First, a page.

Bomb horror survivor Steve "Taffy" Horvath takes on charity walk for Combat Stress
7:40am Monday 10th September 2012 in News
A NORTHERN Ireland veteran, who is still haunted by a pub bombing that killed 17 people, will undertake a 68-mile sponsored walk for Combat Stress.
Steve ‘Taffy’ Horvath, of Rosemary Lane, Haverfordwest, has teamed up with keen walkers Peter Jenkins, of Castle Square, and Chris Jarvis-Wilks, of Rosemary Lane, to walk from Castlemartin Camp to Brawdy on September 23rd.
Steve, who is a former Army paramedic, was injured physically and mentally in 1982 following an explosion at the Droppin’ Well pub in Ballykelly.
And 23 years later, the 50- year-old was diagnosed with Combat Post Traumatic Stress Disorder (PTSD).
Steve, who still suffers flashbacks from the bombing, said: “The thing about PTSD is that once you are diagnosed, you have it for the rest of your life.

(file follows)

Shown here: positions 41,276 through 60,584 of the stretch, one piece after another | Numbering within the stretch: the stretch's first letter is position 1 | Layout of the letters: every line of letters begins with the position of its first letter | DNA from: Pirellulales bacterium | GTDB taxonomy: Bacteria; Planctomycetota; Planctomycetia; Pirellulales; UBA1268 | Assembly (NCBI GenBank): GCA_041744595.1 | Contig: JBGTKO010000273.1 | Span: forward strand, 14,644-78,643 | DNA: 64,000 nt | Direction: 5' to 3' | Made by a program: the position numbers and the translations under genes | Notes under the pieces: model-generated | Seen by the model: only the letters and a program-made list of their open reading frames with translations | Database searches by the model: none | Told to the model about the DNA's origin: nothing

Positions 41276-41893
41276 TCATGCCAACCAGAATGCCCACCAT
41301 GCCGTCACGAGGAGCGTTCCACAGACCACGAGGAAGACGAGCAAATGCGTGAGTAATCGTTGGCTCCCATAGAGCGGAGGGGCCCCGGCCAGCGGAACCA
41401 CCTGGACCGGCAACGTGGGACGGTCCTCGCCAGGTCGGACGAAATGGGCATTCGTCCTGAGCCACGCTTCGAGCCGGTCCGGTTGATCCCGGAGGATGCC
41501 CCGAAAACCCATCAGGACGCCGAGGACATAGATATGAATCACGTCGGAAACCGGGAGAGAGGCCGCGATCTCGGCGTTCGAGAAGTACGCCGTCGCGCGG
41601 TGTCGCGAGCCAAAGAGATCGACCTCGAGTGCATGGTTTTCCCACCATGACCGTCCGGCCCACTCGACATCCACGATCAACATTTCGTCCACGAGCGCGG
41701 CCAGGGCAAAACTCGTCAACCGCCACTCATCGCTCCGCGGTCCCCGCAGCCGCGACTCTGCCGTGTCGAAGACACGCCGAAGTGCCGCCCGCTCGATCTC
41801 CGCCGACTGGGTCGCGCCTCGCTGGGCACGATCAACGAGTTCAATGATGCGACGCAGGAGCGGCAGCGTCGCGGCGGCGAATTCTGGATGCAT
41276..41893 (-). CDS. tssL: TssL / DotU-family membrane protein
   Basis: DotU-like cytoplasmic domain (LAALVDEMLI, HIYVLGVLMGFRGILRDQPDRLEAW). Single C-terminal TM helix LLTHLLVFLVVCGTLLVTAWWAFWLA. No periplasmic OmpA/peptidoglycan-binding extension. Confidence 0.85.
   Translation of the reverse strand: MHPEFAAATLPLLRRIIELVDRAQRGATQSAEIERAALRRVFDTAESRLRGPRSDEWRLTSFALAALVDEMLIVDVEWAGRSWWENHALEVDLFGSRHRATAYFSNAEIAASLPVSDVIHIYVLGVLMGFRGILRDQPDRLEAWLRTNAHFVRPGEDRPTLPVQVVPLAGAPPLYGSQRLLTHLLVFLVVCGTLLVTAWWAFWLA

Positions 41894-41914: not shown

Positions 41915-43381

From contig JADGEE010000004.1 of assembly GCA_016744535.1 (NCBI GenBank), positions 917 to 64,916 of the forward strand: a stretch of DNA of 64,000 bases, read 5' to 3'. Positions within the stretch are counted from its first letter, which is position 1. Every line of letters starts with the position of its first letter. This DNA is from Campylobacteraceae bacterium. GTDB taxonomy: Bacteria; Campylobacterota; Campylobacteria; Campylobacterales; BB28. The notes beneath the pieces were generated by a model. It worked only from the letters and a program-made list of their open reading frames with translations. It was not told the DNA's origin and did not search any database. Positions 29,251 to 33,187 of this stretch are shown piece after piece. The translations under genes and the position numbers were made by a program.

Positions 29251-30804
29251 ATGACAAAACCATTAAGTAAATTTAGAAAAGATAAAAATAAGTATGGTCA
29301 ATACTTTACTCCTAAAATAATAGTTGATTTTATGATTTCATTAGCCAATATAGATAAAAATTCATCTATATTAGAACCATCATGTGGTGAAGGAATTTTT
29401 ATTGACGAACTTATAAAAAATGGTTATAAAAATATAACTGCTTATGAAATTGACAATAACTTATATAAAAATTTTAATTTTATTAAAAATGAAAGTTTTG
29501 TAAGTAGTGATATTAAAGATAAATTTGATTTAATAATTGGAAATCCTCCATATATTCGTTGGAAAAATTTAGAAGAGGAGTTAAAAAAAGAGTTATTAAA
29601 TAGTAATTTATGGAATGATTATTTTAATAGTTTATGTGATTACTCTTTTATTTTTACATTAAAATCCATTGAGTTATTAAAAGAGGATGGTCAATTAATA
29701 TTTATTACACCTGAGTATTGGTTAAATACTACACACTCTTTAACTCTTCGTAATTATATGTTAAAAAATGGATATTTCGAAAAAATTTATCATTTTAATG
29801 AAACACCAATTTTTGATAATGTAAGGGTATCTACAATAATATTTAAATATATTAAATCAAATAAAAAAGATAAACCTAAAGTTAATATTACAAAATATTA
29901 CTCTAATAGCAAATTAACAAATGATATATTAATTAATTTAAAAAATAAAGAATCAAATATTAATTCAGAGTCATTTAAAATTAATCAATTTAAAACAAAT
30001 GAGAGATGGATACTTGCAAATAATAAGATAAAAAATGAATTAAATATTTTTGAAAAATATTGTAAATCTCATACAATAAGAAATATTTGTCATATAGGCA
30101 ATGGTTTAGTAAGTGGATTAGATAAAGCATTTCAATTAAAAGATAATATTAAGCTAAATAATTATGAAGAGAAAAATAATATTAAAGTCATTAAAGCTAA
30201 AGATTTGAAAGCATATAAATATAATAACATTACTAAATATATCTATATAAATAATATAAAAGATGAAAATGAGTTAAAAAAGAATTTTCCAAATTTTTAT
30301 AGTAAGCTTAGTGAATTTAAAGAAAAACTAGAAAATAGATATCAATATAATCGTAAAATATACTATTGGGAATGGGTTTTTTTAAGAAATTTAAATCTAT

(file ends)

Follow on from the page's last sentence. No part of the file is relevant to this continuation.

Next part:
“It’s an ongoing battle. I lost 17 good friends in the bombing, and on one hand I count myself lucky to have survived, but another part of me says: you should have died with them. And I have to live with that guilt for the rest of my life.”
Steve said veterans can suffer a variety of symptoms, which have to be managed every day.
“A smell or sound – anything – can trigger a flashback.
And if a car backfires, or a door slams, nine times out of ten we would hit the deck.
“You can take the soldier away from the conflict, but you cannot take the conflict away from the soldier.”
Chris, aged 25, whose grandfather fought in the Second World War, has also witnessed the impact war has had on his own family.
He said: “My grandfather suffered from PTSD, although it was in silence.”
Peter, aged 69, added: “These good men and women, who have been in battle, come out and step into another battle – in their head. One day they can be Dr Jekyll and on another they are Mr Hyde.
“I hope we can raise enough money to help these people and their families.”